Coen was determined to go to almost any lengths to establish and reserve a VOC monopoly of the spice trade. He accomplished his goal by both controlling output and keeping non-VOC traders out of the islands. Ambon had been seized from the Portuguese in 1605, and anti-Iberian alliances were made with several local rulers. However, the English East India Company, established in 1600, proved to be a tenacious competitor. When the people of the small Banda archipelago south of the Malukus continued to sell nutmeg and mace to English merchants, the Dutch killed or deported virtually the entire population and repopulated the islands with VOC indentured servants and slaves who worked in the nutmeg groves. Similar policies were used by Coen’s successors against the inhabitants of the clove-rich Hoamoal Peninsula on the island of Ceram in 1656. The Spanish were forced out of Tidore and Ternate in 1663. The Makassarese sultan of Gowa in southern Sulawesi, a troublesome practitioner of free trade, was overthrown with the aid of a neighboring ruler in 1669. The Dutch built fortresses on the site of the Gowa capital of Makassar (modern Ujungpandang) and at Manado in northern Sulawesi and expelled all foreign merchants. In 1659 the Dutch burned the port city of Palembang on Sumatra, ancient site of the Srivijaya empire, in order to secure control of the pepper trade.
The Dutch on Java, 1619-1755
Source: Based on information from D.G.E. Hall, A History of South-East Asia, New York, 1981, 351; and Geoffrey Barraclough and Norman Stone (eds.), The Times Atlas of World History, Maplewood, New Jersey, 1989, 176.
The key to Dutch commercial success in Indonesia was the security of its base of operations at Batavia. The security issue involved the VOC in the internal politics of Java. The earliest governor generals had not intended to become involved in Java’s politics. They had envisioned the company as primarily a maritime power, consisting of a network of forts and heavily defended trading routes. But during the seventeenth century and especially the eighteenth century, the Dutch found themselves caught up in Java’s perennial political instability. Defense of VOC interests required the raising of armies and collection of revenue from rulers and the general population to pay for them (click on map to see Dutch Expansion in Java, 1619-1830).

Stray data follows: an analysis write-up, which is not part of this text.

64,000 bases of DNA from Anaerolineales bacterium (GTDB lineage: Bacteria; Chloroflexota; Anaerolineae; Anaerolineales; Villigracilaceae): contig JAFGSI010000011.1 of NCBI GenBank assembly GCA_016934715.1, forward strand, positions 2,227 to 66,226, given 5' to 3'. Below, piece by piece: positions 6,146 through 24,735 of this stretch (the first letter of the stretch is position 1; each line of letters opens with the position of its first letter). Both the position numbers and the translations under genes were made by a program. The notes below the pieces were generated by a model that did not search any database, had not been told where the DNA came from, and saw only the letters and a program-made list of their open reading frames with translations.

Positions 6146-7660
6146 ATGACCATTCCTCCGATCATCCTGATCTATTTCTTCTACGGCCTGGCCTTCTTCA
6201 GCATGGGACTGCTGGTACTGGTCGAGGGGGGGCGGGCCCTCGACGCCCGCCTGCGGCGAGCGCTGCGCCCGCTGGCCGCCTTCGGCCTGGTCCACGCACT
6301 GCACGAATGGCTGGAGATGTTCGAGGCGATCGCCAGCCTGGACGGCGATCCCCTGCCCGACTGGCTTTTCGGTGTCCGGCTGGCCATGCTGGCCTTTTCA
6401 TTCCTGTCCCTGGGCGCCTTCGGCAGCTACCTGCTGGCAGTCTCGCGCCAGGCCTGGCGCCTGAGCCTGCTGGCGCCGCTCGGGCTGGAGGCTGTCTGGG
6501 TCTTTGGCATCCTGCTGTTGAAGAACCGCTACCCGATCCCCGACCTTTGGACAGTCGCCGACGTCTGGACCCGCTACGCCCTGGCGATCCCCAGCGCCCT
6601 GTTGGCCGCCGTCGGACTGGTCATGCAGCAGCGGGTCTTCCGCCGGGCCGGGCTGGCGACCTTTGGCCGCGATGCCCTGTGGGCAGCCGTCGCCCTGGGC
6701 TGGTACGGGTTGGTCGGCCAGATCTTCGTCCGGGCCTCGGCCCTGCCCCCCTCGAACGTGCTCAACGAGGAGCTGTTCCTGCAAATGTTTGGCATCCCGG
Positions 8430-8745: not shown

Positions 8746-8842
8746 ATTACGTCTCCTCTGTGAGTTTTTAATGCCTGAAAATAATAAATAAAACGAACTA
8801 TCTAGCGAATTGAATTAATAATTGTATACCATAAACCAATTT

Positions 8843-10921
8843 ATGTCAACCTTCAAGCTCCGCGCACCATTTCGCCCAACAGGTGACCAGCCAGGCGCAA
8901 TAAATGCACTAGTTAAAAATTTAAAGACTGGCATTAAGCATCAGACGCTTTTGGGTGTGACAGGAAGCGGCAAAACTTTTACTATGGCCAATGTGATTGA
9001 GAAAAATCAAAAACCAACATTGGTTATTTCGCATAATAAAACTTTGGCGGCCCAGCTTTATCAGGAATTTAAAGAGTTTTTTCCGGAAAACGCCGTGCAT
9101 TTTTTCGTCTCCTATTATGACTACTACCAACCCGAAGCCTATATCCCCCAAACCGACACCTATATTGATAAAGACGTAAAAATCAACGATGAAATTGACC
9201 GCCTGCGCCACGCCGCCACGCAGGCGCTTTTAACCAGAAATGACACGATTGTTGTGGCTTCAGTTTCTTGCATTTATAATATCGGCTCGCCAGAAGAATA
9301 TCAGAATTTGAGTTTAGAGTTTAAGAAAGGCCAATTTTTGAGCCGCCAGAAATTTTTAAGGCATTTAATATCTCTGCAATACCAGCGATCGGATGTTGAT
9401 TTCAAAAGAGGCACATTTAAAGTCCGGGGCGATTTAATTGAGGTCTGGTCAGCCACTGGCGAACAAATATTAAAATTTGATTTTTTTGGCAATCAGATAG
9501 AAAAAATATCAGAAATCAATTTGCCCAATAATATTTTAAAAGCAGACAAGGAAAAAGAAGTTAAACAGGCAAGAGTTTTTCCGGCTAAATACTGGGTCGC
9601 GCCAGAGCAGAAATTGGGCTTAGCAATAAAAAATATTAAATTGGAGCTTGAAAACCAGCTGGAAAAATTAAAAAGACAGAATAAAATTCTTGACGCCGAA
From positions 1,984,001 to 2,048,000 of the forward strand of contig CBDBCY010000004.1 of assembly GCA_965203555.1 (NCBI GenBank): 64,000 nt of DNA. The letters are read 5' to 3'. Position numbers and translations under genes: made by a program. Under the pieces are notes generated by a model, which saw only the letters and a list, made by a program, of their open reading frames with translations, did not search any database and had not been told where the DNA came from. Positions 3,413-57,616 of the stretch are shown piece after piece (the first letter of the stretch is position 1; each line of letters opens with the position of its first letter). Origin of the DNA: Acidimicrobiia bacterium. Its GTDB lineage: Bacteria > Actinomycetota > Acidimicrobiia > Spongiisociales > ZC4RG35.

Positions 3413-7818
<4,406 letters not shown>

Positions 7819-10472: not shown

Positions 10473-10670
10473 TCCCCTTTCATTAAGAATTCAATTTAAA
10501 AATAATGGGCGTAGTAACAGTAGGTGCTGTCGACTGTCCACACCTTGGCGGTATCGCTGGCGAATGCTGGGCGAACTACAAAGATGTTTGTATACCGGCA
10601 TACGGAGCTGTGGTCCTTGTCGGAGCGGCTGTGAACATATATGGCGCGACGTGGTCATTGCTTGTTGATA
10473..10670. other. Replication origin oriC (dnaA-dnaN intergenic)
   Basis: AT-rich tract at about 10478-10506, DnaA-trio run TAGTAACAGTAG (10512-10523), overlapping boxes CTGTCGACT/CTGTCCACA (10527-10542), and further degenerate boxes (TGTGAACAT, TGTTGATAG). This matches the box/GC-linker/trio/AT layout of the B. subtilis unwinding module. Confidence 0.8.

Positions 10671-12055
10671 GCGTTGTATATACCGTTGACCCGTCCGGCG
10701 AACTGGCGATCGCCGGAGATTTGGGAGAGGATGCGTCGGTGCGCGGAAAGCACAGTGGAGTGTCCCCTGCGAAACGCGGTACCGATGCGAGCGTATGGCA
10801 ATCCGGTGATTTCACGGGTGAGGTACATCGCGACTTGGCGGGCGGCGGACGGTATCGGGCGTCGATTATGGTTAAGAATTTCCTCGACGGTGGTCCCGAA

By the 1620s, Sultan Agung of Mataram had conquered Surabaya, a powerful rival state, extended his power on Java as far west as Cirebon, occupied the island of Madura after a bloody campaign, and forced the sultans of Banjarmasin and Sukadana on Kalimantan (known during the colonial era as Borneo) to become his tributaries. Batavia, already threatened by the hostile sultan of Banten, was besieged by Mataram forces by both land and sea in 1628-29. The siege was unsuccessful, and Sultan Agung had to accept the company’s continued existence on Java. Royal poets and chroniclers, however, portrayed Dutch diplomatic missions to the Mataram court after 1629 as expressions of humble submission. The ruler turned his attention eastward, devastating the Hindu-Buddhist state of Balambangan but suffering defeat in his attempt to conquer the intrepid Balinese.
A revolt against Sultan Agung’s successor, Amangkurat I (reigned 1646-77), in 1671 led the ruler, much resented for his harsh policies, to seek Dutch assistance against the rebels. When his palace was captured by the rebels, Amangkurat I sought refuge on VOC-controlled territory in 1677, where he died. His successor, Amangkurat II (reigned 1677-1703) gave the VOC monopolies over the sugar, rice, opium, and textile trade in Mataram territory in exchange for the VOC’s military support in his efforts to regain the throne. Amangkurat II also agreed to the cession of the Priangan Districts south of Batavia. In 1684 the crown prince of Banten, involved in a revolt against his own father, asked for Dutch aid and in return was obliged to make concessions that essentially spelled the end of the kingdom’s independence.
In the eighteenth century, Mataram experienced continued struggles for power among royal contenders. The First Javanese War of Succession (1704-08) resulted in Pakubuwono I (reigned 1705-19) assuming the throne with Dutch aid; in return, he gave the VOC the privilege of building forts anywhere it wished in Java, the right to station a VOC garrison at the royal court paid for by the royal treasury, an annual grant to Batavia of a large amount of rice for twenty-five years, and the promise that Javanese ships would not sail east of the island of Lombok or beyond the bounds of the Java Sea. The Second Javanese War of Succession (1719-23) resulted in the installation of Amangkurat IV (reigned 1719-26) as king, and further concessions were made to the VOC.